story plots

Writing Tips for Organizing and Planning Your Writing

There are two aspects to the concept of organization for writers. There is the organization of your writing environment, be it your working space or virtual space you write in such as the type of computer, software, even the way your writing is backed up. Then there is the organization of the actual writing, keeping track of characters, plots, story lines, names, places, etc., and structuring the end result into something readable as well as publishable.

Discussing this with a few Writers in the Grove members, we realized that while the two concepts were separate, they were actually inseparable. As one pointed out, the spark of an idea can happen anywhere and you must have a system in place to jot it down and ensure it isn’t lost between the grocery store moment of inspiration and the moment you can finally lean into your computer and start writing. Throughout the writing process of a project, the project is with you, wherever you are, whenever your imagination catches fire. A well-structured habit system combined with well-maintained tools and access points for preserving those thoughts help you through the entire process, right through to the point of publishing.

So we decided to offer this short collection of writing tips by others for organizing and planning your writing to embrace both aspects, helping you be organized within your writing environment, physical and virtual, and in the writing process.

Writing Organization Tools and Environments

One tool that our group embraced that changed more than a few writing lives is Scrivener by Literature and Latte. Available for both Windows and Mac, Scrivener is what you use to write your story before you move it to publishing programs and tools, though Scrivener will publish directly to various ebook and print formats. Scrivener is your idea holder, notebook, character development tool, and story line planner. It helps you write your book or whatever is on your writing list. We highly recommend it and have an ongoing series to help you learn Scrivener better.

Some helpful articles on using Scrivener to organize your writing include:

How To Organize Your Non-fiction Book – The Future of Ink: This article offers six core tools and methods for organizing your book: piles, folders, cards, Evernote, and binders. The author also mentions Scrivener as it is highly capable of embracing piles, folders, cards, etc. The article offers tips for organizing your writing in general, time and space for writing, and more tips to help you keep on track of the writing. These apply to fiction as well as non-fiction. (more…)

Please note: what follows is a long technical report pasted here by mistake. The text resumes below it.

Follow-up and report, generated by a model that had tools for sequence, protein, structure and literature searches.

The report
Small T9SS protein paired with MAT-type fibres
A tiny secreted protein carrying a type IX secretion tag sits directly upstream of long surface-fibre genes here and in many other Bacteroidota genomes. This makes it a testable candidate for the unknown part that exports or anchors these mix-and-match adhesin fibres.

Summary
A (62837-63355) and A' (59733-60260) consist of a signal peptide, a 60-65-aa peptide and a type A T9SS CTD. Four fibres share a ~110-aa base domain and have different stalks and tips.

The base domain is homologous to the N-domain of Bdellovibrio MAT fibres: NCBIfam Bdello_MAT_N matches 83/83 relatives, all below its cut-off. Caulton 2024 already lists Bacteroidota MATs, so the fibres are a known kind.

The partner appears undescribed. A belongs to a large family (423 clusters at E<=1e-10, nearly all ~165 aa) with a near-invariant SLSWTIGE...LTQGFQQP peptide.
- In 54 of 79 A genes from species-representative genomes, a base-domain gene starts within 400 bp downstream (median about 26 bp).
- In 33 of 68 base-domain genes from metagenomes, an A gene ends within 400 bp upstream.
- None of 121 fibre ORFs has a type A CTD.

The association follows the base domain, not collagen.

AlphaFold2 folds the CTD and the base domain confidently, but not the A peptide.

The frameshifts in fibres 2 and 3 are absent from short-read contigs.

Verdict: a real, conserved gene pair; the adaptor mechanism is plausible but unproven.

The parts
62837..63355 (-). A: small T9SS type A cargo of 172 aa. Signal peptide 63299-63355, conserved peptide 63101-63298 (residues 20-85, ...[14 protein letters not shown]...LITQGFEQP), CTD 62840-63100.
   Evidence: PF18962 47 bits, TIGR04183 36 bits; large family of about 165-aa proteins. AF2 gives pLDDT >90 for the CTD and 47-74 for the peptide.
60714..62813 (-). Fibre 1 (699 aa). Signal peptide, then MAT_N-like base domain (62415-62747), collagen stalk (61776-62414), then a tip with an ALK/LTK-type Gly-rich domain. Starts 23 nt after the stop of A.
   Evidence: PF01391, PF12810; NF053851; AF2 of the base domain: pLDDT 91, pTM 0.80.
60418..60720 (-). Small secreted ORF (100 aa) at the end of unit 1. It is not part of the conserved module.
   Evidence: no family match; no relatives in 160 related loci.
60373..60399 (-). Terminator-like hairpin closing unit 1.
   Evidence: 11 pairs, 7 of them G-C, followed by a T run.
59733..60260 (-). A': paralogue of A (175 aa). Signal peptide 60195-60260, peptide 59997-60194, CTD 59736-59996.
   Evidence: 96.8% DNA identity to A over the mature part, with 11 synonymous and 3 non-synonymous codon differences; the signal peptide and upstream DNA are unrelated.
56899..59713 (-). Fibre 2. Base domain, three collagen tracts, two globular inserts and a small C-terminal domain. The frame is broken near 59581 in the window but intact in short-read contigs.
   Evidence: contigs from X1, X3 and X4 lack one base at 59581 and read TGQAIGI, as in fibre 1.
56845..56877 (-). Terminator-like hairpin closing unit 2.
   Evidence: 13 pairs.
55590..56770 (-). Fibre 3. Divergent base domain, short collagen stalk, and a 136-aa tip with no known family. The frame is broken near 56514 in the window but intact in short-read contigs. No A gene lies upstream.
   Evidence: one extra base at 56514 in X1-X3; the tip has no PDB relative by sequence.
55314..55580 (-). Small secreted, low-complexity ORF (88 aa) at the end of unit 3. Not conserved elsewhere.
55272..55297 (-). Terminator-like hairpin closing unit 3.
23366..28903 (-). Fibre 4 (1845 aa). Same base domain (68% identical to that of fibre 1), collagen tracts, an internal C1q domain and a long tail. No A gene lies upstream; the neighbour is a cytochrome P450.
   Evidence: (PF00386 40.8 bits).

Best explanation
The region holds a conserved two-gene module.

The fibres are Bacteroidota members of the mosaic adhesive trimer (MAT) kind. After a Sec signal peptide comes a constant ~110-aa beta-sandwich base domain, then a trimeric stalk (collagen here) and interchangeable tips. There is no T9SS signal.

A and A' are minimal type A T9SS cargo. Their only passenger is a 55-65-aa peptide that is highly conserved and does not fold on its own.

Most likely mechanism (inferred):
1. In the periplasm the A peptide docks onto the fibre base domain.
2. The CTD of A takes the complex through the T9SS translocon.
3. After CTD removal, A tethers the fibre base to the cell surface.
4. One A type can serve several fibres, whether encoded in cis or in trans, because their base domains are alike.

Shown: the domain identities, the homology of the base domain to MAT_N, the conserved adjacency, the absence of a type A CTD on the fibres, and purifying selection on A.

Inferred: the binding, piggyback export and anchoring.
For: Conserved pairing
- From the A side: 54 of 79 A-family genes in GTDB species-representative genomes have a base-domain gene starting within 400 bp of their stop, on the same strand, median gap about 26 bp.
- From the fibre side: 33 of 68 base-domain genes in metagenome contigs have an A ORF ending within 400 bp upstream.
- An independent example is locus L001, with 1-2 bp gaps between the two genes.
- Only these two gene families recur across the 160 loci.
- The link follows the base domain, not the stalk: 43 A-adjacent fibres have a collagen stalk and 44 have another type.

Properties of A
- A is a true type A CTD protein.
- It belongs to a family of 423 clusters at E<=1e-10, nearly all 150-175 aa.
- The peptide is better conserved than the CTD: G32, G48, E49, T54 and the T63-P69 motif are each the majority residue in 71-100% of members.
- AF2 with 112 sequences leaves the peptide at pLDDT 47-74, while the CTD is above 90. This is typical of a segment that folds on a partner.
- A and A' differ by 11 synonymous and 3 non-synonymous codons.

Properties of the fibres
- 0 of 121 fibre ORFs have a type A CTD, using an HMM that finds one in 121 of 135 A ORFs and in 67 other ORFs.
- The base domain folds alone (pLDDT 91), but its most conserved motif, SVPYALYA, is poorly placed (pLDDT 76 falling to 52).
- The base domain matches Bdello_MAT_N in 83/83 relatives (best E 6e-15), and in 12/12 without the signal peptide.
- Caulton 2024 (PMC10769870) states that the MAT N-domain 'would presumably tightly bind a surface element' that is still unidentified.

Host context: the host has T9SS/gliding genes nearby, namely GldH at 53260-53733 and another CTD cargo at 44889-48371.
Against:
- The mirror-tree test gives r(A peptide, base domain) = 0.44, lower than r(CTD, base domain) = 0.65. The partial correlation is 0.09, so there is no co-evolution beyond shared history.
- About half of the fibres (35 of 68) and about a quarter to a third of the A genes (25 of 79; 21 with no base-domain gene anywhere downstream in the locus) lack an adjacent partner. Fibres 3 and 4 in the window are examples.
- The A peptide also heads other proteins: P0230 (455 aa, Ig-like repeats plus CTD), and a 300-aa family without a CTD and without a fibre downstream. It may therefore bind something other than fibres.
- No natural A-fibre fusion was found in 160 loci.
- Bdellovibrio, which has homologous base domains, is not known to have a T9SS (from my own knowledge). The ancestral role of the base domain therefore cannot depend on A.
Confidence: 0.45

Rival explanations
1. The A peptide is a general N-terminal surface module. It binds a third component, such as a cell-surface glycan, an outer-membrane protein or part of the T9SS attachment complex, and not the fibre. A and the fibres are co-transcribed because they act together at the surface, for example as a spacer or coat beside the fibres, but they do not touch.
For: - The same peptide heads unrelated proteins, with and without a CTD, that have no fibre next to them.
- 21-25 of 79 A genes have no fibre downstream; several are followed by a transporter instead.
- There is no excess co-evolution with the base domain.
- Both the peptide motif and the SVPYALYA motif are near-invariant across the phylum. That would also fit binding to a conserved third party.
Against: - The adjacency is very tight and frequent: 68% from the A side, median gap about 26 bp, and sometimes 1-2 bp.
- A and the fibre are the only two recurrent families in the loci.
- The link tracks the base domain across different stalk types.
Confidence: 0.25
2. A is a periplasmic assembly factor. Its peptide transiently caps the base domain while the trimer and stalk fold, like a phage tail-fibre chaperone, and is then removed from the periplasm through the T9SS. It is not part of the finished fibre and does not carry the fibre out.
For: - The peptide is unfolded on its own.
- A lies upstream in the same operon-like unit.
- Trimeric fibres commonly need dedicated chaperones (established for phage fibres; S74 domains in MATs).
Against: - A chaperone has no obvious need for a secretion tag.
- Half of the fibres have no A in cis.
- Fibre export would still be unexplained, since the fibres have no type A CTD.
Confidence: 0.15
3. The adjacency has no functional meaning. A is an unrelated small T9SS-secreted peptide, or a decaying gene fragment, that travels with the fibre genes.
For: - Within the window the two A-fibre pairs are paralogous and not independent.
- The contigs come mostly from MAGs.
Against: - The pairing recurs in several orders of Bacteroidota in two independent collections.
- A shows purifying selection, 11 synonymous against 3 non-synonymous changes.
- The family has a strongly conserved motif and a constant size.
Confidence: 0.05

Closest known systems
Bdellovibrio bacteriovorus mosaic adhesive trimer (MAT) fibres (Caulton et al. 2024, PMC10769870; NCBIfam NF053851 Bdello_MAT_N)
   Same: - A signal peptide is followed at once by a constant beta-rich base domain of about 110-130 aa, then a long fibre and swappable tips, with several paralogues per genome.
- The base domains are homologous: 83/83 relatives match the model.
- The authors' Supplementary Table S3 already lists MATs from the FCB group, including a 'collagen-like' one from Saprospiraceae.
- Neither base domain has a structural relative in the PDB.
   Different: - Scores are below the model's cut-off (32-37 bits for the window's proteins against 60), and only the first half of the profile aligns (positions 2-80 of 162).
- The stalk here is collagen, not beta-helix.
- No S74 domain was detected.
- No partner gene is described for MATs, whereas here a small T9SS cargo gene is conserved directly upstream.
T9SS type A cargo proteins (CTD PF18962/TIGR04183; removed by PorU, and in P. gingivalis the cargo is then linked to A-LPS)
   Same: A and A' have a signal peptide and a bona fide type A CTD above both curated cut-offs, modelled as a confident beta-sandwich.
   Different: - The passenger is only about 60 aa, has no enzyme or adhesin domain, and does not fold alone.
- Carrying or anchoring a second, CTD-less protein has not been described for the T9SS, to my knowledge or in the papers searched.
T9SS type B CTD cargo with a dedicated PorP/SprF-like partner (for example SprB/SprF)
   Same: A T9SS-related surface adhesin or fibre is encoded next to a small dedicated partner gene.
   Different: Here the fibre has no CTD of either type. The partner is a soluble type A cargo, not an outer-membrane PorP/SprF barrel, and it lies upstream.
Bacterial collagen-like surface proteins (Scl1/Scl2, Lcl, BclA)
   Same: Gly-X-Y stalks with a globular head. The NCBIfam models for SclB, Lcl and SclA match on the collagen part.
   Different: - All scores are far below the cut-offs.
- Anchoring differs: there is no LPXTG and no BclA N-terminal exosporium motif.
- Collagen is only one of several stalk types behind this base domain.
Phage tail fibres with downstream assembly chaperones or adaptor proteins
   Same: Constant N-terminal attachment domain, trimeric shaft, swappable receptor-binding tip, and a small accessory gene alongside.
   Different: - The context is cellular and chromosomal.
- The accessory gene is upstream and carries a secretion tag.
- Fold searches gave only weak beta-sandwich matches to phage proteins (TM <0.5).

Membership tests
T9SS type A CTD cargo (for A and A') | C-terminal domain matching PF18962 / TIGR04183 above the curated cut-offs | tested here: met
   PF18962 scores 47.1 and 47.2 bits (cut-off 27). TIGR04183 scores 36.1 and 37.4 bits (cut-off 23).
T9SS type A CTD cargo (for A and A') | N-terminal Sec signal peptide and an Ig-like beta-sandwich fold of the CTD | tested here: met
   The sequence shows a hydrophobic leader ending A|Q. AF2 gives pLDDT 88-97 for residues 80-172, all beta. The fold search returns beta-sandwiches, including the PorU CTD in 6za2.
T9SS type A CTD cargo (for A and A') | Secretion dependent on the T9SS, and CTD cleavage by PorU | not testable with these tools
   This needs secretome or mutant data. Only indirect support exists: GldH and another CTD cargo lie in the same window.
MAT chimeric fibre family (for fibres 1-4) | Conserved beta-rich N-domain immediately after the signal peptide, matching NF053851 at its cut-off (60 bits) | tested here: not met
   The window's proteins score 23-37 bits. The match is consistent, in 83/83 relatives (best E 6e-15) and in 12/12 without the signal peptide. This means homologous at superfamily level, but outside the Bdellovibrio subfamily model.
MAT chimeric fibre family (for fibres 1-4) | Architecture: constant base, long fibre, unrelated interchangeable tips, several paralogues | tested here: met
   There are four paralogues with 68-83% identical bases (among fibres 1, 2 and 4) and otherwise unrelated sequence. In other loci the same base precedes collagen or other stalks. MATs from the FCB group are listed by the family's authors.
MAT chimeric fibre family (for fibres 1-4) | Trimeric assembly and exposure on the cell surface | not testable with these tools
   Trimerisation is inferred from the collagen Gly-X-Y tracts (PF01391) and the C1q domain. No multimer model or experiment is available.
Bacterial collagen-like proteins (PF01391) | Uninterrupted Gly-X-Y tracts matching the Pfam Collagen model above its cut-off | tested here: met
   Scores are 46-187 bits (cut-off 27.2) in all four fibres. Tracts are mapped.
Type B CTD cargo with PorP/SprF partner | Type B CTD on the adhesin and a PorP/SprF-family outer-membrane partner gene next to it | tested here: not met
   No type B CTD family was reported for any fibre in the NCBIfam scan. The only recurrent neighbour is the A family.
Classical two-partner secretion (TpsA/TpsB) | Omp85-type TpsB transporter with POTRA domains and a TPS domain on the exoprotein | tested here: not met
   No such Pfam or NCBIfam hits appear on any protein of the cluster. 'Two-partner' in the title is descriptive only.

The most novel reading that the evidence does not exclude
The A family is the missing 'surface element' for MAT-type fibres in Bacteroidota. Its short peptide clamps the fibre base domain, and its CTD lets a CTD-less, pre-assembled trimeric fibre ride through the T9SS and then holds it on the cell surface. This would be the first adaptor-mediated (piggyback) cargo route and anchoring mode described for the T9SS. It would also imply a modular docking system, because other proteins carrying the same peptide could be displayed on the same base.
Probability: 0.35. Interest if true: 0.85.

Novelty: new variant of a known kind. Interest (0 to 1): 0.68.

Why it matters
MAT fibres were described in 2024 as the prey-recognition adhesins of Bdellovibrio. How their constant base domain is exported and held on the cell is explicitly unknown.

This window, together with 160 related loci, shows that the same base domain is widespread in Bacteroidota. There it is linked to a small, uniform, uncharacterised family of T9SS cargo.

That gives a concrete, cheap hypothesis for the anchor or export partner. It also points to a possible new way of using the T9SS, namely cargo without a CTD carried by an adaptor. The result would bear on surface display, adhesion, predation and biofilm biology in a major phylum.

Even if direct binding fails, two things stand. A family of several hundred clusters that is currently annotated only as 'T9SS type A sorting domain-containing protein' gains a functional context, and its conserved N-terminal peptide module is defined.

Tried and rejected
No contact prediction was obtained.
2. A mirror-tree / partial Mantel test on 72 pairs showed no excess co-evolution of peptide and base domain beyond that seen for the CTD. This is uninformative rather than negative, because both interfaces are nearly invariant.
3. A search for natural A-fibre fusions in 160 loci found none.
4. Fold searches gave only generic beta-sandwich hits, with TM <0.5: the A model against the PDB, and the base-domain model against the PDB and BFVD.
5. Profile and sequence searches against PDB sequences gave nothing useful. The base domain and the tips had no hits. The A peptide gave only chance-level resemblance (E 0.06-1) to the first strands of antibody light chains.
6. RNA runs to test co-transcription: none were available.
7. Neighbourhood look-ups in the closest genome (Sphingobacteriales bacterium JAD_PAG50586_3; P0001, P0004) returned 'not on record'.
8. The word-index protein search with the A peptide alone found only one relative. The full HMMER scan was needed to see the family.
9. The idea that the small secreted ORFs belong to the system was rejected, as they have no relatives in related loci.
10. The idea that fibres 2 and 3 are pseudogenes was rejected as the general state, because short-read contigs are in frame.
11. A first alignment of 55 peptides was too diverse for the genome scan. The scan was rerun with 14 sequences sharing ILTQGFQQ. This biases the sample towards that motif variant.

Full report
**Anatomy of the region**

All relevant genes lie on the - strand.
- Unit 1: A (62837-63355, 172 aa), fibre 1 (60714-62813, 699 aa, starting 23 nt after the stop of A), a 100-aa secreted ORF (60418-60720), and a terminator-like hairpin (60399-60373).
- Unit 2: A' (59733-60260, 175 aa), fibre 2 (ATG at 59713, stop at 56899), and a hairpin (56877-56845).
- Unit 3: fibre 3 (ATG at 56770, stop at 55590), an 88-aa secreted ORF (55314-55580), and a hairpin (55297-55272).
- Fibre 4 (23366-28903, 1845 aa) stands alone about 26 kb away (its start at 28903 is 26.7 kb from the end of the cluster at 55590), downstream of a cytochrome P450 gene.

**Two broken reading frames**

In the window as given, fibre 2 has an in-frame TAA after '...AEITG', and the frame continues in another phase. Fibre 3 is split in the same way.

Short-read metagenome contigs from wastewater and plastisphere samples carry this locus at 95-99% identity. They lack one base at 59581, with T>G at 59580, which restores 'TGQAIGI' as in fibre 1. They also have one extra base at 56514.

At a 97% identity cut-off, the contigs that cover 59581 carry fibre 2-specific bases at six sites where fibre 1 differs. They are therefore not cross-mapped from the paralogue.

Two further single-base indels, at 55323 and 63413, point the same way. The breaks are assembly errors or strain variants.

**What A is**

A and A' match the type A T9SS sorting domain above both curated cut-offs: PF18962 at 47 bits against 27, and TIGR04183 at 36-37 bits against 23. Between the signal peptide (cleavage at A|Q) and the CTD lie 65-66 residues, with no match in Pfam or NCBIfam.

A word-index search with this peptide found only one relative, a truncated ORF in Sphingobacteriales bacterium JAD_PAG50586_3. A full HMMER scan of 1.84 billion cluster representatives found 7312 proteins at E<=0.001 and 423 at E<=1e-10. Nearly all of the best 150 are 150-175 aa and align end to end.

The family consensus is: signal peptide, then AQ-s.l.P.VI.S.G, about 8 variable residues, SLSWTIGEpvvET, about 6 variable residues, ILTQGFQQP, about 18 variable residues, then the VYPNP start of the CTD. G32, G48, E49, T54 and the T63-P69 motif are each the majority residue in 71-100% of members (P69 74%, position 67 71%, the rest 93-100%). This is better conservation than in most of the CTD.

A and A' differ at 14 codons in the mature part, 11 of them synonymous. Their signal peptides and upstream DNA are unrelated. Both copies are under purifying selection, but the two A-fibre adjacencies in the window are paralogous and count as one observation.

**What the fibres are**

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NaNoWriMo: Beat Sheets and Story Engineering Worksheets

There are some terms you need to know if you will be participating in NaNoWriMo this year.

  • Plotter: A writer who plots out their story with an outline, which they tend to follow for the most part during NaNoWriMo.
  • Pantser: A writer tackling NaNoWriMo with little planning and forethought, just writing by the seat of their pants.

A few years ago, a new term arose, brought to light by Angela Quarles, self-labeled a Geek Girl Romance Writer. She also offers writing advice, tutorials, and tools to help writers.

In her post about her experience and the lessons learned, she describes the two key types of writers who participate in the National Novel Writing Month challenge, and invented her own type called plotser:

What’s a plotser? A cross between a pantser and a plotter, with maybe a wee bit more emphasis on the pre-plotting.

With Hurricane Sandy and other circumstances, my new agent (signed only on Oct 4) and I weren’t able to coordinate on what direction to take for a sequel to MUST LOVE BREECHES. So for most of October, I wasn’t even sure if I was participating in NaNoWriMo. Then at the end of the month, I decided to take up a premise that had nothing to do with BREECHES so I wouldn’t waste my time writing a sequel she didn’t want.

However, that meant I’d not spent time plotting at all.

I had what I thought was a fun premise and a sense of who the H/h were and so started one day late on November 2. I caught up with everyone over the weekend and was doing swimmingly until about Day 5, then my word count dribbled downward and things ground to a halt. I had no idea where I was going with this and I didn’t like feeling that way. This wasn’t the normal ‘what I’m writing is drivel’ feeling, I really felt like all my characters were just spinning their wheels waiting for something to happen. Like the plot. Ugh.

A local writer friend sagely advised me to take a break for a week, two weeks, to figure out the plot and then do a FastDraft blitz at the end. So I did! I ended up creating a spreadsheet to help myself stay focused on what I needed to discover…

As a result of her experience, she created the Story Engineering Worksheet (Excel Spreadsheet), a spreadsheet created in Excel that breaks down all the elements of a novel into their finest detail. To download, click, on the link or right click and save to your hard drive.

Described as a “mix of the four act/part structure, and beat sheets,” the worksheet is based on the spreadsheet by Jamie Gold called a beat sheet, a worksheet that structures your plot all on one page.

Described by Storyfix in their Lessons for Writers:

The “beat sheet” is a way to sequence your story, using bullets instead of whole sentences or paragraphs.

Yes, this is an outline, but it is more than that. It is a scene structure for your novel built around basic plot points or story arcs. (more…)